Season 1, Episode 3
Building a marketplace for a fragmented market with complex workflows with Ruthie Amaru (Freightos)
About this episode
We talk to Ruthie Amaru, CEO of Freightos, the world's biggest marketplace for freight. We’ll talk about how to serve fragmented markets, with complex workflows and middleman. We talk about how to get supply onboard before having demand, about building for trust and loads of other great things, especially for B2B marketplaces.
Resources mentioned in this episode
Sjoerd Handgraaf: [00:00:23] Welcome to Two-sided. The marketplace podcast brought to you by Sharetribe. And I am your host, Sjoerd. In this episode, I talked to Ruthie Amaru CEO of Freightos, which is a marketplace for freight. We'll talk about how to serve fragmented markets, which have complex workflows. And that had a lot of middlemen. We talked about how they get supply on board, but for having demand using single player mode. About building for trust and basically lots of other great things. I really, really learned a lot from this episode about B2B marketplaces and I hope you will enjoy. Hi, Ruth. Welcome to the podcast.
Ruth Amaru: [00:01:02] Hey, great to be here. Really exciting to talk to you today.
Sjoerd Handgraaf: [00:01:06] Same here. I love talking about marketplaces. Yeah. So could you give the audience like a short background on who is reus and what did you do at Freigthos essence specifically? How did you end up here?
Ruth Amaru: [00:01:16] Well, you know, I've spent my entire career in startups, Israel as a startup nation, really lots and lots of startups. I've probably been in about nine or 10 different startups over my career. A bunch of them actually were business to business startups. I ran the R and D team at a company that did B2B auctions later acquired by a company called vertical net. Later I ran product and R and D and a company called unicorn later acquired by IBM and was just a, you know, part of many startups in the R and D product led into the business space. Many of them that focused on business systems, which I really like what makes a business work, how businesses do business. Basically. And so I was pretty excited when our founder, as fee Schreiber asked me to come join him. I'd actually done two startups with him already. This was the third startup that he was doing. And he asked me to come join him and build a marketplace. And he said, it's a B to B marketplace. What else could you want? And I was like, well, B to B marketplace. What else could I want? So that's how I got to Freightoss.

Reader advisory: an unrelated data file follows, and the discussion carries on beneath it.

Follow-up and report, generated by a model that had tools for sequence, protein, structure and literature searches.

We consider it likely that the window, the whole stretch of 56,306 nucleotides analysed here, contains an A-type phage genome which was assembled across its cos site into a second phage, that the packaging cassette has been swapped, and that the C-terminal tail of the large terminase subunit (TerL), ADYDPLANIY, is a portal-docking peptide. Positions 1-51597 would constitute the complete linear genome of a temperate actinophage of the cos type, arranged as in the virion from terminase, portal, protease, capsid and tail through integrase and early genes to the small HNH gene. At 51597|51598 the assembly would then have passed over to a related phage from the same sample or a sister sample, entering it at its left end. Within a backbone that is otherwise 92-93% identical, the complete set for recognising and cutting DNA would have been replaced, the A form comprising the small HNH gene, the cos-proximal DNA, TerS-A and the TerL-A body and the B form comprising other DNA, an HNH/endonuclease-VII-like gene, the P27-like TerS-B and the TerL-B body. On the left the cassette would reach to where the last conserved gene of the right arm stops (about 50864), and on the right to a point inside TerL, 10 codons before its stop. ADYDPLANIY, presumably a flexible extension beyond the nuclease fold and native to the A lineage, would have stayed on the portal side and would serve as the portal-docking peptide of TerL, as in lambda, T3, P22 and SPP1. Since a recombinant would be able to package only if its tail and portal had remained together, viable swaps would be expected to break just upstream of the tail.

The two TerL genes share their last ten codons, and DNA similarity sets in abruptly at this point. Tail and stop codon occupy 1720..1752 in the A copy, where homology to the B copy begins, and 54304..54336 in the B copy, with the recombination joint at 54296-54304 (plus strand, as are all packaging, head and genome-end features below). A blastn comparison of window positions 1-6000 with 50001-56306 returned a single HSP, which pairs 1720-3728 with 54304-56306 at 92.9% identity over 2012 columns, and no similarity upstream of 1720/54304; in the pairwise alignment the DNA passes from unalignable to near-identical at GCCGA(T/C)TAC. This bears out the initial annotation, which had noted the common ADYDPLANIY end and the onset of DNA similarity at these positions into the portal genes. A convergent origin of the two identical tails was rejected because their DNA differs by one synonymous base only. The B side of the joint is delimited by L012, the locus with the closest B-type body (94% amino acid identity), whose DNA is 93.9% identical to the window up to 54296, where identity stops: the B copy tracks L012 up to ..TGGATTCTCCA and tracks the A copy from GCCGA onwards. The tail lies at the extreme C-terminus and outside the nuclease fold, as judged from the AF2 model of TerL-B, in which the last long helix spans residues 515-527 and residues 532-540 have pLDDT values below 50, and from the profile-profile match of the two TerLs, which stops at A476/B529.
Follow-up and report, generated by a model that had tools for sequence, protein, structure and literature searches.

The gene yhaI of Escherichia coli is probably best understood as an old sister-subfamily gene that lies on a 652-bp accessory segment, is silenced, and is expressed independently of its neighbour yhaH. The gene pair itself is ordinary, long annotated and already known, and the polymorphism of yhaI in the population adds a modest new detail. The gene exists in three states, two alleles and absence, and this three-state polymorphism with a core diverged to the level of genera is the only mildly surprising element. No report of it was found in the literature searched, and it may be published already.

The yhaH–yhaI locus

Sjoerd Handgraaf: [00:02:22] Yeah. Tell us a little bit about what is Freightoss.
Ruth Amaru: [00:02:25] So, yeah, I wasn't really sure what Freightos was when I joined, because you know, people in the high tech industry don't always understand freight because freight is real right. Freight is actually about large boxes and containers moving from one place on the globe to another place in the globe. And Freightos set out to make freight simple. And obviously for us in the tech world, we can't imagine how actually complicated it is or was before. Companies like Freightoss started digitizing it, but the freight world was a world. And this is where its fee, you know, came up with this ideas. He worked in a company that shipped leading devices around the world and he said, well, you know, okay, I need to book a container to move 20,000 lighting devices from China to the U S and he figured he would go online, find a container book. It. You know, put his credit card through and be done. And he was just basically Florida to discover how complicated it was, including the need of emails and faxes and phone calls. So he set out, he said, okay, we need to digitize free. And he always had in mind from day one, this idea of building an Expedia for free. So the same as you go online and book a passenger travel book, a fleet, um, you'd be able to book passage for your shipment or shipments. It's that simple in terms of the idea, but then actually the, you know, making it happen was a lot more complicated.
Sjoerd Handgraaf: [00:03:51] Yeah. I can relate to that. I used to work for a hardware startup. We used to make this home energy management system. And I remember having to deal with getting like a bunch of prototypes from China, too. Finland. And we couldn't do anything because the couple of companies that I've found, like let's say I found five and two of them wanted to first visit the office to make a deal. Sounds like, no, we just need like 500 of them here, like by next month. Why is this such a problem? So, yeah, this is about a marketplace for freight. So what are the marketplace always supply side what's demand side. So how is that for Freightos.